Regarding the therapeutic significance of promoting horticulture therapy and the consumption of organic and home-grown foods, there are multiple studies.
In a gerontology study published in the British Journal of Social Science and Medicine (Milligan, et al, 2004), the authors found evidence to suggest that higher cognitive scores of achievement, attention, and life satisfaction on standardized Quality of Life Measures were earned during a course of community garden treatment. Giglotti and Jarrot (Canadian Journal of Aging, 2006) suggested that horticulture therapy facilitated higher lovers of productive engagement and positive affect scores in patients with dementia than did traditional day treatment programs.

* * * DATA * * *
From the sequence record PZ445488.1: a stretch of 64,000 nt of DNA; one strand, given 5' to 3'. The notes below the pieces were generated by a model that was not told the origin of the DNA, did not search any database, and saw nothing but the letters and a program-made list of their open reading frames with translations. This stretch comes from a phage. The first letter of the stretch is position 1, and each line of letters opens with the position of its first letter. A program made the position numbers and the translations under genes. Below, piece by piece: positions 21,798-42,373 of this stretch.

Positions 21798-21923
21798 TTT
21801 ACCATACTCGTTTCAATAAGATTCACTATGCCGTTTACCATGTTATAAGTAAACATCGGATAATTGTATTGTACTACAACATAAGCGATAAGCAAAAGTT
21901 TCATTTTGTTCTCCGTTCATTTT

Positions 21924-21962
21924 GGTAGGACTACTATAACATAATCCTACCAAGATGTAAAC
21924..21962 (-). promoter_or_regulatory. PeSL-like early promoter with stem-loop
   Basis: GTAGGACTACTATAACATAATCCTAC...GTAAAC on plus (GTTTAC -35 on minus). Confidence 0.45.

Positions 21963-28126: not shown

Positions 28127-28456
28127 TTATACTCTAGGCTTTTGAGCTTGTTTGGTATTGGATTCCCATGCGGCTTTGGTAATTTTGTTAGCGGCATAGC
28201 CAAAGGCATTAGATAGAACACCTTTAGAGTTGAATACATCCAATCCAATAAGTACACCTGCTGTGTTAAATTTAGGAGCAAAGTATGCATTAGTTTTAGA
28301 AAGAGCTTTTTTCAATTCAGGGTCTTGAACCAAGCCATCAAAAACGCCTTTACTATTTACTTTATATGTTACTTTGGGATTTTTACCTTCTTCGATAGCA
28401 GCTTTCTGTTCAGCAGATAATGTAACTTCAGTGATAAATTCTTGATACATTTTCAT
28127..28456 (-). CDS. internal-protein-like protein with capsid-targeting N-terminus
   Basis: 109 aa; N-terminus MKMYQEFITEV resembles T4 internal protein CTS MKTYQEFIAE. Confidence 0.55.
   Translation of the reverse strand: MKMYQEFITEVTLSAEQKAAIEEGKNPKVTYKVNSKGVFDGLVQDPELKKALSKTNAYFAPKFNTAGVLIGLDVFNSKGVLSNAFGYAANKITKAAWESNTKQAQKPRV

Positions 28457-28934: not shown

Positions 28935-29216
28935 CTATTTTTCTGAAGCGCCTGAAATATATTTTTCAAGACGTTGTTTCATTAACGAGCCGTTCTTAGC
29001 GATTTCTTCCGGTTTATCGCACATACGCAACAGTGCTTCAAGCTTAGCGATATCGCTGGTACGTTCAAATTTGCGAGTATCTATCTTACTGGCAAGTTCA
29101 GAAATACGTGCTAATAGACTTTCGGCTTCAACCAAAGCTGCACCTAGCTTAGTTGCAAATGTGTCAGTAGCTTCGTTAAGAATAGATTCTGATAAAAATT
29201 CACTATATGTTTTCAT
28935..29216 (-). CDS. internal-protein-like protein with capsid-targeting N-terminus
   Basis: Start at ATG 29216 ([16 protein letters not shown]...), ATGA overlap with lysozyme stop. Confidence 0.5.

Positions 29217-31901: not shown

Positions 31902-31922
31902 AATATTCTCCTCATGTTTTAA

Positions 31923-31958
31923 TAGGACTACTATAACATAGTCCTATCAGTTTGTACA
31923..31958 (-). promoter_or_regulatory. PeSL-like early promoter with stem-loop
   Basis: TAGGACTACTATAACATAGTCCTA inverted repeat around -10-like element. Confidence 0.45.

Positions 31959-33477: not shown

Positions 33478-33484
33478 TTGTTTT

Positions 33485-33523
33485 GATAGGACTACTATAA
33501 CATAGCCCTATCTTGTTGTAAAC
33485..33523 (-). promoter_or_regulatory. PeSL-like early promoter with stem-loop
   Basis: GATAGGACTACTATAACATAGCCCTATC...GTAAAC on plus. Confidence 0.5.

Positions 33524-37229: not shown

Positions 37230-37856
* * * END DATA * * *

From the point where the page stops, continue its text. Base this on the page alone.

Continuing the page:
Brawley, et al (1994) has suggested that Alzheimers’ patients scored higher in cognition and social skills measures after a course in garden therapy. Psychiatrist Bella Schimmel, MD, PhD reports that the increased eye-hand coordination, initiation, and sensory integration skills of garden therapy has produced significant improvements for mentally ill children, adolescents and adults in a variety of mental health settings (American Psychiatric Association, 2007).